What were you studying in Spain? And what did you think of Spain?
I minored in Spanish in college, so I took basic classes taught in Spanish (art history was the most interesting, it helps that the teacher was amazing) mostly literature, grammar, cultural stuff etc.
I thought Spain was an interesting place. It's a big country with varied terrain, the mediterranean coastal areas are beautiful, the history is amazing, the architecture in Barcelona is really cool. I lived in Granada, which is an old-world city, not as modern as madrid but i preferred it. I could walk everywhere. I love the concept of tapas and delicious cheap wine. I had a hard time with the food, vegetarianism isn't really an understood or easy concept there. Lots of pig, bread and olive oil. Not a big emphasis on veggies, beans or grains other than wheat. Luckily I met my husband there and he had an apt with a kitchen so I was able to get what I wanted at the market and eat well with him my last month or so. I lived with a family and they weren't very welcoming so that was an uncomfortable situation but I know people that had great living situations. I was just too shy to do anything about it. I loved having a siesta and being away from the go-go-go of life that we have in the US. Overall it was great and if I was to return I'd go to the mediterranean and barcelona in a second. But honestly there's other places I'd rather travel to first.
What's your dream holiday destination?
That's a long list! I love to travel and I guess top on my list right now is Thailand, India, Denmark/Scandinavia, and Italy if the Euro wasn't so strong.
How did you become a baker?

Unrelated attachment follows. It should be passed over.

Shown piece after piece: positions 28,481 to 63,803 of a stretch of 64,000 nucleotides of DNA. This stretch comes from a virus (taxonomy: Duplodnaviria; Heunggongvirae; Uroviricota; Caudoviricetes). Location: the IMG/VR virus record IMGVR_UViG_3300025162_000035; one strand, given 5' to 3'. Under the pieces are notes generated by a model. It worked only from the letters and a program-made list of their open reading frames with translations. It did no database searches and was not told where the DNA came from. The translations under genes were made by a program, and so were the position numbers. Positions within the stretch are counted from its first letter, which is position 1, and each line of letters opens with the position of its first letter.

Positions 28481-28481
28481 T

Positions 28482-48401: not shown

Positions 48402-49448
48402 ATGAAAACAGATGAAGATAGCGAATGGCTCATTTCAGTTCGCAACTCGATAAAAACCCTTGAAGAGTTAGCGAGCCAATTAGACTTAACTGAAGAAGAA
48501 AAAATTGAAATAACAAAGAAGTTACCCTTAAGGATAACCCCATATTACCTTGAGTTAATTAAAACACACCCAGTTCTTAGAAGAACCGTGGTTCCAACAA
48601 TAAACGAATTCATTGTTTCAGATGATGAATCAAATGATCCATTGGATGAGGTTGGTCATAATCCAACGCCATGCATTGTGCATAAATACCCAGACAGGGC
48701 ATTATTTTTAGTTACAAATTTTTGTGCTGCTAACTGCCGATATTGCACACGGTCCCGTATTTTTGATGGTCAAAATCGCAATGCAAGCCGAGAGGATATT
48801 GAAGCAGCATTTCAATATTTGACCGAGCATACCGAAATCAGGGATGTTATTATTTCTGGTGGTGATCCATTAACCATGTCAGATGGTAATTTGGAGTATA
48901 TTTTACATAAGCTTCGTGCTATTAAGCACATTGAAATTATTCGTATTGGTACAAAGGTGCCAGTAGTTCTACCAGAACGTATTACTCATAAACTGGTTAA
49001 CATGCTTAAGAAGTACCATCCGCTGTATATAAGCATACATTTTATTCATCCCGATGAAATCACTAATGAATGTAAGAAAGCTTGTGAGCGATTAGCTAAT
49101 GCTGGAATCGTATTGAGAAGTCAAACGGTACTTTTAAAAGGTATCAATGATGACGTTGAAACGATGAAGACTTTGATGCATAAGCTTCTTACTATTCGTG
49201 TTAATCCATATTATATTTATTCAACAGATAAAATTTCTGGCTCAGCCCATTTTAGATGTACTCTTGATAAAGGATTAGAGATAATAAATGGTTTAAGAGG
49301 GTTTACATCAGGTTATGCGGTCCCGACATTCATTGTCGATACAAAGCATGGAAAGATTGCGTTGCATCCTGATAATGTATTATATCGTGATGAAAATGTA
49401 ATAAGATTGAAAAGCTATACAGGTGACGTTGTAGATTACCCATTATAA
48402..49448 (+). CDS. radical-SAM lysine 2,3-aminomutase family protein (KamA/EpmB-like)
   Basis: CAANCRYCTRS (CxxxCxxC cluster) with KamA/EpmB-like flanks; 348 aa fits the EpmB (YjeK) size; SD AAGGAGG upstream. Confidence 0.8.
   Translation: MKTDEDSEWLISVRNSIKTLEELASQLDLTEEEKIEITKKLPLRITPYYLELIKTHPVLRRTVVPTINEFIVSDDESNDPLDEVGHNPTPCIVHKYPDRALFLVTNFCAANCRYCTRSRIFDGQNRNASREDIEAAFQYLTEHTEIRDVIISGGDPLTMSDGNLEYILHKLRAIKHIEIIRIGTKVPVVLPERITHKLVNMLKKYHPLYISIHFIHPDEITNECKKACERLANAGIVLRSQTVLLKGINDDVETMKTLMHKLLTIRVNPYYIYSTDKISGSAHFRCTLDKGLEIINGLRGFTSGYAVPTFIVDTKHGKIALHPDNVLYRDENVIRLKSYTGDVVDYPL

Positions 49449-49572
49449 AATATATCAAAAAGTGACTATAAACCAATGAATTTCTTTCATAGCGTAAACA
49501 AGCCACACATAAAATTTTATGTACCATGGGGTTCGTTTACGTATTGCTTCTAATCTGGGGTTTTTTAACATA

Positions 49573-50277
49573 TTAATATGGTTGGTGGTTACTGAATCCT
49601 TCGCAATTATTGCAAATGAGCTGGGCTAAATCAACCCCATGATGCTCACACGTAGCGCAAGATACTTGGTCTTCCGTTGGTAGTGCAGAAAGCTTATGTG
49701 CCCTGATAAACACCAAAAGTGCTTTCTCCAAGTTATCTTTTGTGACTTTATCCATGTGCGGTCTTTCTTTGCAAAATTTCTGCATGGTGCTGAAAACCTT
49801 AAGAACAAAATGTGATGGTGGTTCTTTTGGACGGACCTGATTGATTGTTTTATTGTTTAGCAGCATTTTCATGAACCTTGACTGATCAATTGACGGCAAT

I went to college for Natural Resources Management (Enviro Science, basically) and worked in the field for a few years and realized I was wrecking havoc on my body and making no money. So I decided I might as well be a baker and wreck havoc and make no money...seriously, I got so burnt out on the grunt labor that is data collection and realized (no one tells you in college) that if I wanted to move up in my field or do less monotonous work I would need a master's or probably a phd the way things are now. My last enviro job I worked for a timber company doing research on fish in their streams. Basically if there was a certain species of fish in the water, we had to find out where it ended and mark the boundaries so when they clear cut the beautiful forest, they would leave a few extra trees for fish habitat. It was depressing and the days were long and gruesome (i was caught in lightning storms, had to walk over dangerous log jams and climb some waterfalls which freaked me out) and basically it burnt me out on nature, which was my passion and i loved going to school for it but i wanted to spend all the weekends on the couch drinking beer. I decided that wasn't the life for me and I wasn't ready to do a master's in a field i wasn't certain about (jobs are few and far between) and I found my free time was spent in the kitchen. So I went to a community college culinary school and received an amazing education and am still passionate about food (except the 1st trimester) and get to spend my weekends in the woods, which I now enjoy. Baking is hard work but satisfying. I don't know what I'm going to do after the baby comes. I can't imagine going back to work but might need to. It might be time to find a kid-friendly job, or a job with more flexible hours. I'm trying not to freak out about all of that now, but it's in the back of my head.